In May of 1933, before taking title, Dr. Johns applied for (and subsequently received) permission to convert the property from a single-family dwelling into a residence and doctor’s office. The application states that there are “no alterations to be made,” but it appears that the property was used as a three-family dwelling and doctor’s office.
Dr. Johns was joined at 313 Commonwealth by Georgia Laura White, former Dean of Women at Cornell University (from which Juanita Johns had graduated in 1922) and at Carleton College in Northfield, Minnesota. Georgia White was the daughter of George Leonard White, treasurer and music director of Fisk University in Nashville, founded in 1866 by the American Missionary Association to provide a liberal arts education “to young men and women irrespective of color.” In 1871, the college was facing financial difficulties and George White organized a choral ensemble of students and took it on tour to raise funds for the school. The Fisk Jubilee Singers subsequently toured the United States and Europe, and gained international renown.
Dr. Johns continued to live and maintain her medical practice at 313 Commonwealth until about 1953, when she moved to 300 Commonwealth.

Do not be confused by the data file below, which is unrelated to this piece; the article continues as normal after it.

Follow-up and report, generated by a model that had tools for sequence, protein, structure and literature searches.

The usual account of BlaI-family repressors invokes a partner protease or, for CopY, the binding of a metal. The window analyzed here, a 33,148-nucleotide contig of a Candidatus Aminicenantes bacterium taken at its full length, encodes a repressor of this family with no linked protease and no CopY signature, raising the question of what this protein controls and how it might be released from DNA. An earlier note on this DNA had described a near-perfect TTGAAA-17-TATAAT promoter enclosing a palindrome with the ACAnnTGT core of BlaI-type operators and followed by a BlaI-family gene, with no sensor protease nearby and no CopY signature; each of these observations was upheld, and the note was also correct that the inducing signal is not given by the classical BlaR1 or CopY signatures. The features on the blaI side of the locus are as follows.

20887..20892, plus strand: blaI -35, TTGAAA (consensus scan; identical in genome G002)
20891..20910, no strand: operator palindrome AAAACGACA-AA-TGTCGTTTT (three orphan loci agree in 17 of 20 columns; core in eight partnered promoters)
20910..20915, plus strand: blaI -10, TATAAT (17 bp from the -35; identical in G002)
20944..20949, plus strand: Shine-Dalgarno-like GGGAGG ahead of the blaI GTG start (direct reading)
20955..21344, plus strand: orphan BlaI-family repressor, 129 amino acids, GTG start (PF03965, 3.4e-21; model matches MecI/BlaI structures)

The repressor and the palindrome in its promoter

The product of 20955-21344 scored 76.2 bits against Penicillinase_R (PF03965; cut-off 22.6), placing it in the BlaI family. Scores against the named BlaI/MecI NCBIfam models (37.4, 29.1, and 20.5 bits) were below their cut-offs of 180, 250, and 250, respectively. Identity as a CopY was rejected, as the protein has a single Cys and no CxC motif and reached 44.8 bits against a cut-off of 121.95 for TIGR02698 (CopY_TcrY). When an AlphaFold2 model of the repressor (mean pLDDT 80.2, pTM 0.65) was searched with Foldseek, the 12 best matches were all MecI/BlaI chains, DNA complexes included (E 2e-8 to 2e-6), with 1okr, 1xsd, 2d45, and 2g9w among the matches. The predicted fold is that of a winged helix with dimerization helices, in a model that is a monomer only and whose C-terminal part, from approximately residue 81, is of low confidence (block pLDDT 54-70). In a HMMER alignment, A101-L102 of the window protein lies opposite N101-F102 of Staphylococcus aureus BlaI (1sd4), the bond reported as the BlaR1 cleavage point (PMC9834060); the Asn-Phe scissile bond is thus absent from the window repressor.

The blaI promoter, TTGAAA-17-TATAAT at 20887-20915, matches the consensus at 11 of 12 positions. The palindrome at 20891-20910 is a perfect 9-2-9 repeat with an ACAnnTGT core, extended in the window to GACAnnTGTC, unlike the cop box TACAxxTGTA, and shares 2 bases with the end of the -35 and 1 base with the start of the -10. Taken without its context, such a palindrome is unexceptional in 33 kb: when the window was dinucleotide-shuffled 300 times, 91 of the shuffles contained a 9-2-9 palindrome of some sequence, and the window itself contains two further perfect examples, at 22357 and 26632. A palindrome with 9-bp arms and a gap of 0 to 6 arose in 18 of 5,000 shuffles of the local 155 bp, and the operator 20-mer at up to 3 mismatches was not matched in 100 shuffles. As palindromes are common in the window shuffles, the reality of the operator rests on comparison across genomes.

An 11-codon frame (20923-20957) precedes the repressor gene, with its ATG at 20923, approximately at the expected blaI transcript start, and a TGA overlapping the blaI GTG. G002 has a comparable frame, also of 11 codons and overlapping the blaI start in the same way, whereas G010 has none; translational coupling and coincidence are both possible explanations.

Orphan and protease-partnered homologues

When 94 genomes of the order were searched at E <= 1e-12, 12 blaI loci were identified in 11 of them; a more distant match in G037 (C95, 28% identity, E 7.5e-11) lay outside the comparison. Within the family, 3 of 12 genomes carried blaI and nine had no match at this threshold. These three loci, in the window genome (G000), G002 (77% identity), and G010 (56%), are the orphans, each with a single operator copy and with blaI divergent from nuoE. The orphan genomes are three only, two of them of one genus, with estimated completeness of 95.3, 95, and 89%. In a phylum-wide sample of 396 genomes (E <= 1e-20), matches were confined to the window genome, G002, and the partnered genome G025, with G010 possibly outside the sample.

On June 26, 1953, 313 Commonwealth was purchased from Juanita Johns by Charles Sidney White and his wife, Elvira Rose (Binda) White. They lived at 31 Marlborough. Charles White was the son of Asher White and his wife, Leah (Cohen) White; he was not related to Georgia Laura White.
In June of 1953, Charles White applied for (and subsequently received) permission to convert 313 Commonwealth from a three-family dwelling and doctor’s office into eight apartments.
The property changed hands and on October 14, 1977, was purchased by Bernard P. Scott.
On December 16, 2010, 313 Commonwealth was purchased from Bernard Scott by the 313 Back Bay LLC (James E. Keliher, manager). That same month, James Keliher filed for (and subsequently received) permission to convert the property into three apartments.
On February 14, 2012, 313 Back Bay LLC converted the property into three condominium units, 313 Commonwealth Avenue Condominium.